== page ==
Watch Your Step in the construction industry – February 2006
Slips and trips are regularly the biggest single cause of reported injuries in the construction industry.
In addition to several thousand over-3-day accidents, slips and trips cause over 1,000 major injuries on UK sites each year.
Most of those accidents could be easily avoided by effective management of good order issues on sites.
During the Fit Out Campaign in October 2005, where along with work at height issues, good order issues were considered, inspectors found that many contractors were accepting poor practice that resulted in unacceptable risk to those working on, or visiting sites.
The Good Order Initiative in February 2006 was intended to build upon that earlier work, and to identify those contractors that failed to take on board the message that it is not acceptable for corridors and stairwells to be obstructed with materials, footpaths to be uneven, cables to be strewn across walkways or for steps into site cabins to be poorly constructed.
What did we do?
- Throughout February HSE Construction Division Inspectors carried out targeted inspections looking at good order issues on construction sites and how effectively these were being managed. The overall aim of the Initiative was to reduce trip injuries on site.
- 933 sites were visited -1109 contractors were contacted
- Work was stopped immediately by HSE inspectors on 134 sites (14%) due to poor site conditions
- Less than a quarter of sites were found to be in good order
(Details of earlier HSE good order work as part of the FIT Out Campaign October 2005 are also available)
- In the lead up to February we received considerable support for the initiative and the aim of improving housekeeping standards on construction sites from the principal intermediaries with responsibility for contractors and site workers. These included CONIAC, CECA, ECIA, FMB, HBF, MCG, NASC, NCF, TGWU, UCATT and numerous regional construction safety and CDM support groups. The efforts of all intermediaries were greatly appreciated and we hope they will continue their active support.
- Union–appointed safety representatives also made a contribution to the impact of the Initiative by carrying out site inspections using the same criteria as those used by HSE Inspectors. They were invited to follow up their initial inspection with a second inspection, later in the month to record any improvements in housekeeping on site.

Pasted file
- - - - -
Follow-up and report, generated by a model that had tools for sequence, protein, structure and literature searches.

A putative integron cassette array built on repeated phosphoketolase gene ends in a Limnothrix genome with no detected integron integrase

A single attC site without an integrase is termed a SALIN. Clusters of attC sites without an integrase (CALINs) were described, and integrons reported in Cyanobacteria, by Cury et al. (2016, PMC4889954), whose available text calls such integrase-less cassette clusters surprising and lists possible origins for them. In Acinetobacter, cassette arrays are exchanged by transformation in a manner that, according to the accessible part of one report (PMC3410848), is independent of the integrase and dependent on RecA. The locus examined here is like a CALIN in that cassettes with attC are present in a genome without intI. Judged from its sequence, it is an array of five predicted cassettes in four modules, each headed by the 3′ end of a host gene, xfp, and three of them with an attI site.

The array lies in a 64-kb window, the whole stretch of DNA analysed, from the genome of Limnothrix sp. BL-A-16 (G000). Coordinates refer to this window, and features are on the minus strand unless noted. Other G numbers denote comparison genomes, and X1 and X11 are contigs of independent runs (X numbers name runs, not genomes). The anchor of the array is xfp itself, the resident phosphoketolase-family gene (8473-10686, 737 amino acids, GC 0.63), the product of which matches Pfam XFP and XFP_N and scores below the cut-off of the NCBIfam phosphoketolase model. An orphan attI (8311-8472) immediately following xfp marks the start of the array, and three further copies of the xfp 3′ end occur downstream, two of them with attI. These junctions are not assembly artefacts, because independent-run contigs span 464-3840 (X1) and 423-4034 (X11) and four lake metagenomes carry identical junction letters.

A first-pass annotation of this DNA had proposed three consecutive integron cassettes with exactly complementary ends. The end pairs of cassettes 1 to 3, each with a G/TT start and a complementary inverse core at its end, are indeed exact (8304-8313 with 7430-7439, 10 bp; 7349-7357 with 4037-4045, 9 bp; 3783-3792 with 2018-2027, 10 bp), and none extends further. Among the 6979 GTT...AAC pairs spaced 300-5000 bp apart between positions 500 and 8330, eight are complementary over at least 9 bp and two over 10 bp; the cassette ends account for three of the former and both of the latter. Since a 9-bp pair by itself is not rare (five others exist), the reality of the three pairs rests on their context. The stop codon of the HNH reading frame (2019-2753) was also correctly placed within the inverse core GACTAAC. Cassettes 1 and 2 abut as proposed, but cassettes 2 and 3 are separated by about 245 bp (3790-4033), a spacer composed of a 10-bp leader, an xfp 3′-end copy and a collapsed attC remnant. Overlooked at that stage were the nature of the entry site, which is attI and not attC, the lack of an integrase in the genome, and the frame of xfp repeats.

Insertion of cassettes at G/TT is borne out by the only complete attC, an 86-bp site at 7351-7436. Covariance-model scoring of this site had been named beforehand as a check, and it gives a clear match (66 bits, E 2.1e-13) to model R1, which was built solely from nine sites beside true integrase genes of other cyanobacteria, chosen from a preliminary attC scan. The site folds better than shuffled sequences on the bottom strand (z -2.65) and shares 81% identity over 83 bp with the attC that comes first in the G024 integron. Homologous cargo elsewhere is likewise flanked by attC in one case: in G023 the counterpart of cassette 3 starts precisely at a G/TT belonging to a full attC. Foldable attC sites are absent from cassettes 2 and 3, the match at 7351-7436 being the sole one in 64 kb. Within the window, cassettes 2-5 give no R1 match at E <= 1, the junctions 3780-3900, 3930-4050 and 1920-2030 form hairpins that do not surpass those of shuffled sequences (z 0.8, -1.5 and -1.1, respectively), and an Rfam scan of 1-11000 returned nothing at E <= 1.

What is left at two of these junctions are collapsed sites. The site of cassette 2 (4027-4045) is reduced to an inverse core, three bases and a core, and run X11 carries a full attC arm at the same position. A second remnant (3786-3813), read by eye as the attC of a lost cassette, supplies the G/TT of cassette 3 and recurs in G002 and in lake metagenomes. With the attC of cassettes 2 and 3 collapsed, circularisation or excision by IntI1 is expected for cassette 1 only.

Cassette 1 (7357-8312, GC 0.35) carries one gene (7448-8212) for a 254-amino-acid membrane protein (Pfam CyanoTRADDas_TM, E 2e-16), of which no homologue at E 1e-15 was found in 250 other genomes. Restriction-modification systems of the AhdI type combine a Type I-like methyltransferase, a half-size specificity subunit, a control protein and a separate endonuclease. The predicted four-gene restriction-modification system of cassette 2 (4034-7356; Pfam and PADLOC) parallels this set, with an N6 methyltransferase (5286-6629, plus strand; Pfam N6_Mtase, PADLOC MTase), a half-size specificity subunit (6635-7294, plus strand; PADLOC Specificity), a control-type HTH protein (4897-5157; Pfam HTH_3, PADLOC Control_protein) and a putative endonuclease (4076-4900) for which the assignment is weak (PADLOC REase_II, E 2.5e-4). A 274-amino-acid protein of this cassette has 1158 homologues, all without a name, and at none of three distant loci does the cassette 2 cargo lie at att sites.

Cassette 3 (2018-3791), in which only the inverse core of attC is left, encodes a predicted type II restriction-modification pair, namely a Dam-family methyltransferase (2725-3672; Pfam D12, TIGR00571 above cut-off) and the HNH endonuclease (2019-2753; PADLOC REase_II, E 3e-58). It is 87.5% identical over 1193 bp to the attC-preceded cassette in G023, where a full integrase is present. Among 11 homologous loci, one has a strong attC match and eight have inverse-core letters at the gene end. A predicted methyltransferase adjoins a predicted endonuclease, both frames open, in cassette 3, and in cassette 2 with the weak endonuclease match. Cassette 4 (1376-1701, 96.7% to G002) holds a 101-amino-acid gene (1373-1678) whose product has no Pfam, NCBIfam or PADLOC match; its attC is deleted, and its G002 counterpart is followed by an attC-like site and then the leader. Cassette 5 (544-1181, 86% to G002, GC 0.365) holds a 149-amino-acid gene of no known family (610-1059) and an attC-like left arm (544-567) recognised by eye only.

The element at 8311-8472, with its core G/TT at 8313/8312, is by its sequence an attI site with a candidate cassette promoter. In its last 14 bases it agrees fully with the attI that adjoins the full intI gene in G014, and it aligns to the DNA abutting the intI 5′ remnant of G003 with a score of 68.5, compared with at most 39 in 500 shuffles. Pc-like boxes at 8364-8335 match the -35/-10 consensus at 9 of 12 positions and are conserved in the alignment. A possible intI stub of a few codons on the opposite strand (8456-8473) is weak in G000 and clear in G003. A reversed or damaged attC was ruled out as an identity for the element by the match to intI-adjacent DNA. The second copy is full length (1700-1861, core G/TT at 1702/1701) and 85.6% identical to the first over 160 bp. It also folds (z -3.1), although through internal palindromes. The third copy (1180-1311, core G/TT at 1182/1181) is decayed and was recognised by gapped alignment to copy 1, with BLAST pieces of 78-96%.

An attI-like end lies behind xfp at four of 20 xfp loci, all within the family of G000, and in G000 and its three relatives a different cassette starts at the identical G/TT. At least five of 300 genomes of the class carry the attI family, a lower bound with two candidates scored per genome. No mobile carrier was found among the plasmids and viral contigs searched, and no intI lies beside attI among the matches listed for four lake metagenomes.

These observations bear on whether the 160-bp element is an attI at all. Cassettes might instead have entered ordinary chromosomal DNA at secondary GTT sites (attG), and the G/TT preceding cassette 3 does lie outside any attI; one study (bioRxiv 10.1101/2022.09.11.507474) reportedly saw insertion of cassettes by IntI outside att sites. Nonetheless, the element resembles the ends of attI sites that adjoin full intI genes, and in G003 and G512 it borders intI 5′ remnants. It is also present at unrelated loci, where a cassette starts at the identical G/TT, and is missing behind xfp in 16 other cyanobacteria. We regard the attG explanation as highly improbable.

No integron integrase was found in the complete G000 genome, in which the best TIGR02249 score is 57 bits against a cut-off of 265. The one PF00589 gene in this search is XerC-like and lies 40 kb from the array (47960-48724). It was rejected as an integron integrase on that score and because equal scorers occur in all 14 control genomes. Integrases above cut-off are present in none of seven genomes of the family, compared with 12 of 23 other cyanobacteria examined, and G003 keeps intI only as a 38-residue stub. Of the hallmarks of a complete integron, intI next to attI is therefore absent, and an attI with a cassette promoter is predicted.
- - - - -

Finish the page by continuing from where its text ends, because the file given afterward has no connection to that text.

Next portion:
Union Safety Representatives Summary
- 62 inspections were carried out
- 29% reported improvement to site conditions by 2 nd inspection
- 19% reported no change to site conditions by 2 nd inspection
- 5% reported deterioration to site conditions by 2 nd inspection
What inspectors found?
Many sites had taken action to improve their standards of housekeeping and to reduce the risks of slip and trip injuries. On too many sites however, standards were extremely poor with little evidence that the management of the site took the matter seriously.
Sites had failed to ensure safe access into buildings under construction.
Construction sites had not provided suitable pedestrian routes.
Awareness of good order issues has been raised within the industry and we believe the ‘line in the sand’ has been moved forward to the position where contractors, site workers and HSE are now in general agreement that good housekeeping standards are a crucial factor in reducing the number of slip & trip injuries in the industry.
It is important that this position is not allowed to move backwards. HSE’s Construction Division will continue to promote the importance of good housekeeping and site waste management and continue to work with intermediaries who support this work.
Further evaluation of the information gathered during the 2005/06 Good Order Initiative is planned, in particular
- to assess the extent to which those who took up the guidance material made any significant change to the management of their sites/work methods;
- assess whether there has been any reduction in the number of slip & trip injuries reported under RIDDOR.
Good order on site – general principles
Principal contractors should consider how they will manage the site to ensure that it is kept in good order.
- Traffic routes should be segregated from pedestrian routes.
- The procurement of materials should be managed to ensure that only the minimum amount of materials are stored on site at any time .
- Everyone working on the site should be aware of the site policy for managing the movement & storage of materials around the site, and the removal of waste from work areas.
Everyone on site needs to play their part.
- Walkways and stairs should be kept clear and free from obstructions.
- Footpaths should be firm & level, stoned up if necessary, gritted if icy.
- Work areas should be kept as clear as possible of unnecessary materials and waste.
- Materials should be stored safely, whether in the site compound or around the site
- Workers should comply with the site arrangements for the removal of waste.
- Good order problems should be reported to site management – See it, sort it.
Resources for site ‘toolbox talks’
The resource materials to the right of this page can be downloaded by clicking on the appropriate link, and can be used during site toolbox talks. The materials include:
- A 5 minute video of case studies including an injured person’s story of the devastating effect a simple trip on site has had on his life; and how two construction contractors effectively manage good order issues on site.
- A booklet which accompanies the video with detail of the same case studies and useful tips on how to effectively manage good order issues on site.
- A poster to support the Good Order Initiative, which can be displayed in site cabins etc.